Saint-Louis University - Bruxelles

HDDR1360 - Introduction to comparative law


Credits : 5

Lecturer :

Mode of delivery :
Face-to-face , first term, 30 hours of theory.

Timetable :
First term
Thursday from 17:15 to 19:15 at 109 Marais 210

Language of instruction :
The course and examination language is French. Some readings are in English.

Learning outcomes :
• To understand the historical foundations of comparative law;
• To describe methodological concepts of the discipline;
• To name and identify the different forms of normativity;
• To identify the comparative practices of legal actors and their contemporary issues;
• To apply critical approaches to comparative law

Prerequisites :
Co-requisites :
Course contents :
Today, comparative law seems to be everywhere. It takes new forms with the ideas of global law or transnational law. It is practiced at all stages of the legal chain, from the European Parliament to the national judge or the lawyer confronted by aspects of a foreign legal system. Nevertheless, comparative law is subjected to fundamental challenges by comparative legal scholars. Conventionally, it is studied from the perspective of families/legal traditions distinguishing e.g. common law, civil law, Muslim law, Hindu law, ... The transnational legal movement that suggests the idea of global law, and critical legal approaches that challenge a conception of comparative law constructed from a Western standpoint, are shaking up the basics of the discipline. In this context, projects for a renewal of the discipline are sketched out, and methodological concepts are discussed. As a result, new types of classifications of national legal systems are being proposed, the comparative method becomes an object of reflection in itself and sociological approaches are mobilized.

Adopting a critical approach, the course on Introduction to Comparative Law first aims to return to the origins and reasons for the emergence of the discipline, to present its various taxonomies, and to understand their development. Second, it questions the comparative methods practiced by the legal actors and examines the different alternatives proposed by legal scholars concerned with maintaining an openness to other legal systems and their cultural underpinnings.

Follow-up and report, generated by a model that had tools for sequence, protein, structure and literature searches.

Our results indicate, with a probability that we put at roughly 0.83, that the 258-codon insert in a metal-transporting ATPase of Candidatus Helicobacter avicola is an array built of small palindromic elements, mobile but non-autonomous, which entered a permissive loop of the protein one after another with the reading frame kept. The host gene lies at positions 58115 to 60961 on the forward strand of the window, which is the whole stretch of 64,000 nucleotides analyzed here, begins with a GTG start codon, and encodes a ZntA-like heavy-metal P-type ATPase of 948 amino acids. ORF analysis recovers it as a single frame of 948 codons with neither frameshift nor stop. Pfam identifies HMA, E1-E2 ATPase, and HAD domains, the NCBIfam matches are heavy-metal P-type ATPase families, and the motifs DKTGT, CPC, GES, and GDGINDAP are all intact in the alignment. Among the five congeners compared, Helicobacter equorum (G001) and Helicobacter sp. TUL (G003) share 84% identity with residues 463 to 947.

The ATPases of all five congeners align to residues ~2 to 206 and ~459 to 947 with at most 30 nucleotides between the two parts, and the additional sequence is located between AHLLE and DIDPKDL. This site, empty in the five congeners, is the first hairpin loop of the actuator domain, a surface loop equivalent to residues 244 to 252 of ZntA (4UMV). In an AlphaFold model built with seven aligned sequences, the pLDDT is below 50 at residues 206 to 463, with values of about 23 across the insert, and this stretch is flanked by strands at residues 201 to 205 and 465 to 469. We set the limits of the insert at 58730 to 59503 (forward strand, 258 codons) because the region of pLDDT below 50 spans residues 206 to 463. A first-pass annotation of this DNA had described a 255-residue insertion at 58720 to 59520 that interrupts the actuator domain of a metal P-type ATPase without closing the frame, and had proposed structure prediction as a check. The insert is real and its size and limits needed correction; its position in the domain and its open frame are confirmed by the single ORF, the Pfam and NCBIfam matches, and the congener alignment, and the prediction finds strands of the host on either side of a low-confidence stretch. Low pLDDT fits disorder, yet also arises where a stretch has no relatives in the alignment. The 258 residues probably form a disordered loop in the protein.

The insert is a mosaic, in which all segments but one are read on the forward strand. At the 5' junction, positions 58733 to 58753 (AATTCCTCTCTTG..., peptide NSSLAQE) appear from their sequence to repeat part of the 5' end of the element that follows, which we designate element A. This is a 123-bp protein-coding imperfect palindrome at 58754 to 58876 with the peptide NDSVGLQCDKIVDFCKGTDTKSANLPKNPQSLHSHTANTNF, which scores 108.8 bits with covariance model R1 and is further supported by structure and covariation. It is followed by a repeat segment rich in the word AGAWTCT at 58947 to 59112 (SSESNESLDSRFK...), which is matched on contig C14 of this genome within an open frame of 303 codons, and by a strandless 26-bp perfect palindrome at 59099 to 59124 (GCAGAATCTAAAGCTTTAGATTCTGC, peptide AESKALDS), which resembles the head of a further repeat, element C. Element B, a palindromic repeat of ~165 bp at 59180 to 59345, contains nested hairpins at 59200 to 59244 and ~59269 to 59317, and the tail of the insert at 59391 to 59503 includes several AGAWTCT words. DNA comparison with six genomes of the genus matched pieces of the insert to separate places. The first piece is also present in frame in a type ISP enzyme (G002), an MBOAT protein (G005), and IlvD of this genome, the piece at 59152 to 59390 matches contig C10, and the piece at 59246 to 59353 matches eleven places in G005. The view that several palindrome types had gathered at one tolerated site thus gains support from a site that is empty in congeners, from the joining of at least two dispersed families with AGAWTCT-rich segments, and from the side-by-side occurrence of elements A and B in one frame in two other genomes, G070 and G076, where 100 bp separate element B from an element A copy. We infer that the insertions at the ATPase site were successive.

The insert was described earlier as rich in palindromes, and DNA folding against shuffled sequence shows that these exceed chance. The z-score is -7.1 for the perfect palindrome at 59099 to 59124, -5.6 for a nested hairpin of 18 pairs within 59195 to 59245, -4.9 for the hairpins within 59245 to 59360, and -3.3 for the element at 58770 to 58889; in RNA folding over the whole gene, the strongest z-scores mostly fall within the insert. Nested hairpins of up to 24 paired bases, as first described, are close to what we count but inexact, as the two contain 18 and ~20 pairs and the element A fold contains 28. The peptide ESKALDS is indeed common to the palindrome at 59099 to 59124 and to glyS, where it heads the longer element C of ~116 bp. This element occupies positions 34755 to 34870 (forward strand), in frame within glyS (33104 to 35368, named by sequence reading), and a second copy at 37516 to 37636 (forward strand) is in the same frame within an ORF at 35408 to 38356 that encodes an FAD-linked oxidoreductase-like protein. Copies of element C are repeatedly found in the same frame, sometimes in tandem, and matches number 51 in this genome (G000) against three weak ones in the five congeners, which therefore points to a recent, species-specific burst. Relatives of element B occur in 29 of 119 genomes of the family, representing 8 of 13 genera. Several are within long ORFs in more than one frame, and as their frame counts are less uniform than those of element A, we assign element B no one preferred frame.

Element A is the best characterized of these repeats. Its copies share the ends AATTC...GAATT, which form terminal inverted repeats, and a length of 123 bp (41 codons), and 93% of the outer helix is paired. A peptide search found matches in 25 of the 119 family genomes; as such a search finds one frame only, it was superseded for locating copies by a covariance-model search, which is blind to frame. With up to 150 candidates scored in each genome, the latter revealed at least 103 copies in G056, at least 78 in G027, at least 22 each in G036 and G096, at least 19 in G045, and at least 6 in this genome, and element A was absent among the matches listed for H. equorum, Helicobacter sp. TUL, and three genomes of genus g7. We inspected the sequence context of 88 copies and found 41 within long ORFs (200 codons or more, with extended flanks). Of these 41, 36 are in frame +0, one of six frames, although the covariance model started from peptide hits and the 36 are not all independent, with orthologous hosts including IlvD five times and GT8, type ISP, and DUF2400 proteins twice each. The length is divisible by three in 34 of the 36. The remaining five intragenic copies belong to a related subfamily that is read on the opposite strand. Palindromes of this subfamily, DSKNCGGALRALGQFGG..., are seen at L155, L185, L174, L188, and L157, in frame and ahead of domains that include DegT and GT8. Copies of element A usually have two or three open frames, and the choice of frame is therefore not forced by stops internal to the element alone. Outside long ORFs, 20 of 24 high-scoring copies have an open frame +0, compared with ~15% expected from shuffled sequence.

Planned learning activities and teaching methods :
The course is given as a lecture and is completed by a PowerPoint presentation. Students receive thematic readings each week. The course will provide students with practical methodological tools to critically engage with the papers discussed.

Assessment methods and criteria :
The assessment is based on an oral examination (± 20 minutes). Questions can cover the history of comparative law, its practice and critics, methodological concepts and specific legal concepts attached to legal traditions. The evaluation criteria of the examination focus on the knowledge and understanding of the key concepts and notions of the course, the structure of reasoning, argumentation as well as on the ability to make connections between the different parts of the course.

Recommended or required reading :
• GLENN, P., Legal traditions of the World, Oxford, Oxford University Press, 2014;
• GOLTZBERG, S., Droit compare, Paris, PUF (coll. Que-sais-je?), 2018;
• HUSA, J., A New introduction to Comparative Law, London, Hart Publishing, 2015.

Other information :
As indicated above, it is strongly recommended to read the texts in advance, so to facilitate the understanding and discussion of the topics treated during the lectures.